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Research methodologies for evaluating enterprise education: a tale of a study.
This paper reports on the experience of the researchers in designing and applying a research approach for evaluating a project using a longitudinal design
Author(s): Creator not set

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4.3 R is for Relevance

Relevance is an important factor to consider when you are evaluating information. It isn’t so much a property of the information itself but of the relationship it has with your question or your ‘information need’. For example, if you are writing an essay about the portrayal of jealousy in the nineteenth century European novel a book or website about Shakespeare’s Othello would not be relevant. So there are a number of ways in which a piece of information may not be relevant to your qu
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Acknowledgements

Don't miss out:

1. Join over 200,000 students, currently studying with The Open University - http://www.open.ac.uk/ choose/ ou/ open-content

2. Enjoyed this? Find out more about t
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3.1 Greenland's snowfall

Greenland snowfall differs depending on whether it falls in summer (when snow is comparatively warm and moist) or winter (when snow is cold and dry). These differences mean that as the snow is turned to ice, annual layers are formed that are in many ways similar to tree rings: thick annual layers mean high snowfall and thin annual layers low snowfall. The accumulation of snowfall on the summit of Greenland – and most importantly what is trapped within the crystals as it turns to ice – can
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The Future of News
The diminishing pool of unbiased news networks should stick to what they do best.
Author(s): Miklos Sarvary, Carson Family Professor of Busines

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4.3 Possible solutions

According to Figure 7, our map of the problem-solving process, once we've defined the problem according to the need the next step is the creative bit – to look for ‘possible solutions’, Author(s): The Open University

1 New Labour's approach welfare reconstruction

This audio file, recorded in 1999, explores questions about New Labour's approach to welfare reconstruction. The discussion is lead by John Clarke with contributions from Ruth Lister and Sharon Gerwitz and contains extracts of Tony Blair's speeches.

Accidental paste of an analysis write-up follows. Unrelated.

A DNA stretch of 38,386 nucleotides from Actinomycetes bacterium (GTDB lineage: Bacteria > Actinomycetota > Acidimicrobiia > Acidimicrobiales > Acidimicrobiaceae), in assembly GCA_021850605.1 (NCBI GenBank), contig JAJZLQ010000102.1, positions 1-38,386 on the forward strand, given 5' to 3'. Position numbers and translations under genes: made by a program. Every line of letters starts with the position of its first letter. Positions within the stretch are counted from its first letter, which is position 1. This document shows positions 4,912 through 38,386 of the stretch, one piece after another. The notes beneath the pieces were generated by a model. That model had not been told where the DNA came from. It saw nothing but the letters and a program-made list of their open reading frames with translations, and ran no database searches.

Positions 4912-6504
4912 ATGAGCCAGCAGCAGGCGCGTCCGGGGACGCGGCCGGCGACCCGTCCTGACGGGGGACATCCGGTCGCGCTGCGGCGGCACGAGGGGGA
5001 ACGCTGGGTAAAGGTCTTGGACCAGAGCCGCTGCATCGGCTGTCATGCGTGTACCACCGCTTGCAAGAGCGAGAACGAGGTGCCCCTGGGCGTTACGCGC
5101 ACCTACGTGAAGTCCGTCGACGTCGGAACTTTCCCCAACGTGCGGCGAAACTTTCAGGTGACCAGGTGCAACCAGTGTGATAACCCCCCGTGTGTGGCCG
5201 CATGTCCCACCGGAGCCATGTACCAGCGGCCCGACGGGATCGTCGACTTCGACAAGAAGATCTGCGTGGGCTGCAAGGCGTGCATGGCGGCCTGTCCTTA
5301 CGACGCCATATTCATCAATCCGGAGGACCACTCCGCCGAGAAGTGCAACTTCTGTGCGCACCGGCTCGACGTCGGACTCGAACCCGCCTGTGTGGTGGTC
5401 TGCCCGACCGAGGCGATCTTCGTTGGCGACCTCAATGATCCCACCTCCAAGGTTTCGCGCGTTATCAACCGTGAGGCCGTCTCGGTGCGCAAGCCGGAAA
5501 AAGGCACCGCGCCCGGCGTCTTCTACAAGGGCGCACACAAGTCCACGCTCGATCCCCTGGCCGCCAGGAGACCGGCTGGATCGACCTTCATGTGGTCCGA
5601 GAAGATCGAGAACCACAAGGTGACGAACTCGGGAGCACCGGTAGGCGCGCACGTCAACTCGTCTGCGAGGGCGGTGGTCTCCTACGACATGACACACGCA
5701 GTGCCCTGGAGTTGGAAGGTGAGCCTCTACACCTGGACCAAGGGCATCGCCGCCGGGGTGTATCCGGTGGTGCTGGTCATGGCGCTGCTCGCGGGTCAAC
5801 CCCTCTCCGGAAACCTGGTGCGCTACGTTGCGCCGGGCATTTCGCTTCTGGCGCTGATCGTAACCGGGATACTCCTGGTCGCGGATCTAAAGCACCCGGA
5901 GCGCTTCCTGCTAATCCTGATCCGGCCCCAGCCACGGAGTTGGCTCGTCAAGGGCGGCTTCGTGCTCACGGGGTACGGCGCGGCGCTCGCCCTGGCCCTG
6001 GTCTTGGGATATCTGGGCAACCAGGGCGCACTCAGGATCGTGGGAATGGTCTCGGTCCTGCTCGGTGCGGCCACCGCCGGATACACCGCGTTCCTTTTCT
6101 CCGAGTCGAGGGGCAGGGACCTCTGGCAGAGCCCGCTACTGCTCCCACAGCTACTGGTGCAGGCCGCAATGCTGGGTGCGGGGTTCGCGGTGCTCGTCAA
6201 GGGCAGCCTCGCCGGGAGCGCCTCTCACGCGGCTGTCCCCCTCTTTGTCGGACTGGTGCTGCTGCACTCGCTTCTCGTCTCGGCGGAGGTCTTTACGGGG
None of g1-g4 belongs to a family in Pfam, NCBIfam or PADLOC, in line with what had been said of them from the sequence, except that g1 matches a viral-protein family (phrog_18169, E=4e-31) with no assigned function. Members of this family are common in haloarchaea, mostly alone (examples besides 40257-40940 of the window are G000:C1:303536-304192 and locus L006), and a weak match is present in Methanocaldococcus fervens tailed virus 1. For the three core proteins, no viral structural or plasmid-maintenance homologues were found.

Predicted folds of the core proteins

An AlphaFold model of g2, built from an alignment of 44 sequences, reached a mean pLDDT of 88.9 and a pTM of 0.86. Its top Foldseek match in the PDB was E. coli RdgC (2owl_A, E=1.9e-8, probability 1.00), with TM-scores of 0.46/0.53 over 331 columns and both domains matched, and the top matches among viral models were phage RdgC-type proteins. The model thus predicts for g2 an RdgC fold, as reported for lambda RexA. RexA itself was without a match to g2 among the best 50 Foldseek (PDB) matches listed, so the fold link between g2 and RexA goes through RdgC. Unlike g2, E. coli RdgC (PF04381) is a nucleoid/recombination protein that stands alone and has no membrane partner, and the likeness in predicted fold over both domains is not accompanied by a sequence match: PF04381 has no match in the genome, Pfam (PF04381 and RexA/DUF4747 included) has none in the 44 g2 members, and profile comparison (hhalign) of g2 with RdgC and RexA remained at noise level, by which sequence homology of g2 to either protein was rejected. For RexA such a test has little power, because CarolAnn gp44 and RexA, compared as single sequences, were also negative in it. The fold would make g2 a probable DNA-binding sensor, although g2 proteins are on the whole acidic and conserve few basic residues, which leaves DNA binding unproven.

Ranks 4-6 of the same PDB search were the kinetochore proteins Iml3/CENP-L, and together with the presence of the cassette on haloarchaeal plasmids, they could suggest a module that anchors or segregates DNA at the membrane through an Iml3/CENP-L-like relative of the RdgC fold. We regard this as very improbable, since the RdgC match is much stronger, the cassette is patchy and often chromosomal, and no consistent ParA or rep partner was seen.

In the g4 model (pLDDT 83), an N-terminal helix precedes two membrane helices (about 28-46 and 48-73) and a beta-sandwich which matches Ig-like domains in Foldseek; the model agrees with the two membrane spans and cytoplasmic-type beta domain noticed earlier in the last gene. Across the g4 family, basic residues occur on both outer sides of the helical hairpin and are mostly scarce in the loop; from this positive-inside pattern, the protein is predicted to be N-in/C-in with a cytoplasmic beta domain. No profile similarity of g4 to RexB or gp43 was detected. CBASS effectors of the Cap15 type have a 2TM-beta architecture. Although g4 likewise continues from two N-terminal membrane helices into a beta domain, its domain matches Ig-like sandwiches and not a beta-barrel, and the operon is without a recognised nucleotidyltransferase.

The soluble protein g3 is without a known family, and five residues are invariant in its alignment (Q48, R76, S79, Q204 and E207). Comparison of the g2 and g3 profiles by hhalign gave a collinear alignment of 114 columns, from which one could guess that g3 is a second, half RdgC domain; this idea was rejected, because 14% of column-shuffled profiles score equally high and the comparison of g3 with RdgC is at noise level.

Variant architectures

Participants in the audio programme were:

  • John Clarke Professor of Social Policy at The Open University;

  • Ruth Lister Professor of Social Policy, Loughborough Universit
    Author(s): The Open University

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2.5 Vocabulary

In mathematics, some words are used in a more precise way than in English. It is important that a mathematical argument is unambiguous; therefore words that can be used in several contexts in English usually take only one meaning in mathematics. For instance, in English the word ‘sum’ might mean any calculation, but it has a precise mathematical meaning as exemplified by ‘The sum of 456 and 789 is 1245’. Similarly, in English the word ‘product’ can have a variety of meanings, but
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Convection Causes Wind: Part II
This demonstration simulates warm air rising and cold air sinking. 9th grade science teacher, Rod Benson, does a step by step, narrative demonstration that includes explanations. Run time 02:05.

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References

Abramovitz, M. (1996) Regulating the Lives of Women: Social Welfare Policy from Colonial Times to the Present (revised edition), Boston, MA, South End Press.
Burghes, L. (1987) Made in the USA: A Review of Workfare – a Compulsory Work-for-Benefits Regime, London, Unemployment Unit.
Clarke, J. (2001) ‘US welfare: variations on the liberal regime’ in Cochra
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SAT Prep: Test 1, Section 9, Part 3
Students, improve your math SAT score!  The instructor uses an electronic chalkboard to model problems.  This is video is appropriate high school students. Uses a textbook (the official SAT study guide) commonly found in bookstores, but it is not absolutely necessary as the narrator does all work on the screen.